Author: Tsoi, Chi Chung
Title: Water purification using photocatalysis, ozonation and ultraviolet disinfection
Degree: M.Phil.
Year: 2018
Subject: Hong Kong Polytechnic University -- Dissertations
Water -- Purification -- Photocatalysis
Water -- Purification -- Oxidation
Water -- Purification -- Ultraviolet treatment
Pages: xvii, 99 pages : color illustrations
Language: English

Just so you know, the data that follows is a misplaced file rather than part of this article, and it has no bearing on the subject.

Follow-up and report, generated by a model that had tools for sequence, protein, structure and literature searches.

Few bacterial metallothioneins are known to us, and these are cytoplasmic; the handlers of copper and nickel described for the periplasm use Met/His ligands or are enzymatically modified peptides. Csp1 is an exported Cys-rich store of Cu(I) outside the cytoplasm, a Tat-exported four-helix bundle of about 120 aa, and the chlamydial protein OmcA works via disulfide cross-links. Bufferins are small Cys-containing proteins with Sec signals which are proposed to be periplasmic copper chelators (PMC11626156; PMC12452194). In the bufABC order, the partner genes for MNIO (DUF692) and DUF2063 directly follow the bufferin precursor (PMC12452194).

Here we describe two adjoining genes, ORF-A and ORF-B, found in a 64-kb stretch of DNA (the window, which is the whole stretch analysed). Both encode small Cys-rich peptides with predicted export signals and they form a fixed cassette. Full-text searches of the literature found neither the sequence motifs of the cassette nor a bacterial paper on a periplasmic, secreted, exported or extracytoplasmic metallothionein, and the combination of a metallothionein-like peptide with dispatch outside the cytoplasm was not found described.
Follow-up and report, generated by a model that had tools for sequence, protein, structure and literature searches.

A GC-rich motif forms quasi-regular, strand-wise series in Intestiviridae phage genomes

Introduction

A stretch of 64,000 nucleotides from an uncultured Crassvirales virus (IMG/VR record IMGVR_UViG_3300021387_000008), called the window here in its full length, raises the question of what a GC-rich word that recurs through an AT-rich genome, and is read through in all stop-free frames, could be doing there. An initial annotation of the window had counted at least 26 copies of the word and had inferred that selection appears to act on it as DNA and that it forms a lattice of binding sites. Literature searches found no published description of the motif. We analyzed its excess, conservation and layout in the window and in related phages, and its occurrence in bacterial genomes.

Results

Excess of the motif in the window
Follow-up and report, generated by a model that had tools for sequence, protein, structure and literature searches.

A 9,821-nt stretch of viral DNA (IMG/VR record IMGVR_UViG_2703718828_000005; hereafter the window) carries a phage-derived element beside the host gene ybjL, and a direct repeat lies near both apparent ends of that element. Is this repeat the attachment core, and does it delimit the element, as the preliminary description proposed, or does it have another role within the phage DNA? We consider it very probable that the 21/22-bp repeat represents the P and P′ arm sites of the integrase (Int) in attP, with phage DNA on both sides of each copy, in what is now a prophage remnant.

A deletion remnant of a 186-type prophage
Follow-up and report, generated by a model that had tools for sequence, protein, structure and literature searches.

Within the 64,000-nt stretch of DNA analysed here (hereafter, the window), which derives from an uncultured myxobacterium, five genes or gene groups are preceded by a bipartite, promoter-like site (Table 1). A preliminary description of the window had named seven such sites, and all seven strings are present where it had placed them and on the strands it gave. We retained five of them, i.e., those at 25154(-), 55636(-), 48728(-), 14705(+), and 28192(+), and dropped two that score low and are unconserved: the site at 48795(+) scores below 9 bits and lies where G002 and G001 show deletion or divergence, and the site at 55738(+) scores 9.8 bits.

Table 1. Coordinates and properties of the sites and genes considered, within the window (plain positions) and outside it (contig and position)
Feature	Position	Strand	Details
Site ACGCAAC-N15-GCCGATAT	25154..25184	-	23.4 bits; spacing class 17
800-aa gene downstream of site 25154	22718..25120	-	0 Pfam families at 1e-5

Abstract: The rapid urbanization is creating a rising demand of clean water while producing a huge amount of wastewater. A special issue in Hong Kong is that sea water is extensively used for toilet flushing and street cleaning, which generate contaminated sea water. Wastewater treatment plants often rely on physical, chemical and biological methods to remove the contaminants, but the state of the art is still limited by several technical challenges. For instance, (1) many dissolved toxic chemicals (e.g., detergents) cannot be treated efficiently by the prevailing treatment methods; (2) the treated wastewater still contains significant amounts of residual chemicals and bacteria, which will affect water activities; (3) the contaminated sea water cannot be cleaned effectively using those methods developed for the contaminated freshwater. The high concentration of salt ions affects the microorganism growth and the flocculation in the treatment pools. This study aims to overcome the existing challenges using solar photocatalysis, ultraviolet (UV) irradiation, ozone and their combined effects. More specially, this research consists of three parts: (1) solar photocatalytic reactors to degrade organic pollutants in freshwater, (2) photocatalytic ozonation of sea water and (3) UV ozonation of residual bacteria in wastewater effluent. The logic behind is that sunlight is abundant while photocatalysis can decompose a wide range of chemicals, and thus the solar photocatalysis is energy-saving and environmental friendly. In sea water, the existence of Na⁺, Clˉ and other ions invalidates many biochemical methods and reduces the efficiency of photocatalysis; nevertheless, the addition of ozone produces OH* radicals, enhances the capture of photoexcited electrons, and at the same time, provides dissolved O₂ to improves the photodegradation. To kill bacteria, UV irradiation and ozonation each has its own weaknesses, but the successive use of both can well complement each other to kill the bacteria more effectively. The first part of this research starts with a chip-size solar reactor (footprint of reaction chamber 1 cm × 1 cm) for the laboratory tests and mechanism studies. Then, it is scaled up to the meter size (footprint of reaction chamber 60 cm × 40 cm). It is made of PMMA plates. A simple soaking and spraying method has been developed to form the TiO₂ film on the PMMA, which is the first method that can make large-area, uniform photocatalytic film on cheap, durable, lightweight and non-brittle substrates. Field tests show that the large-size reactor can degrade MB by 30% in sunlight for two hours, which is 23.6 times faster than the photolysis. Although the performance has much room to improve, this large solar reactor is the first demonstration of the planar reactor directly scaled up from the microfluidic reactor; and it also moves one step forward to process large amount of water sample that is a typical requirement of practical applications.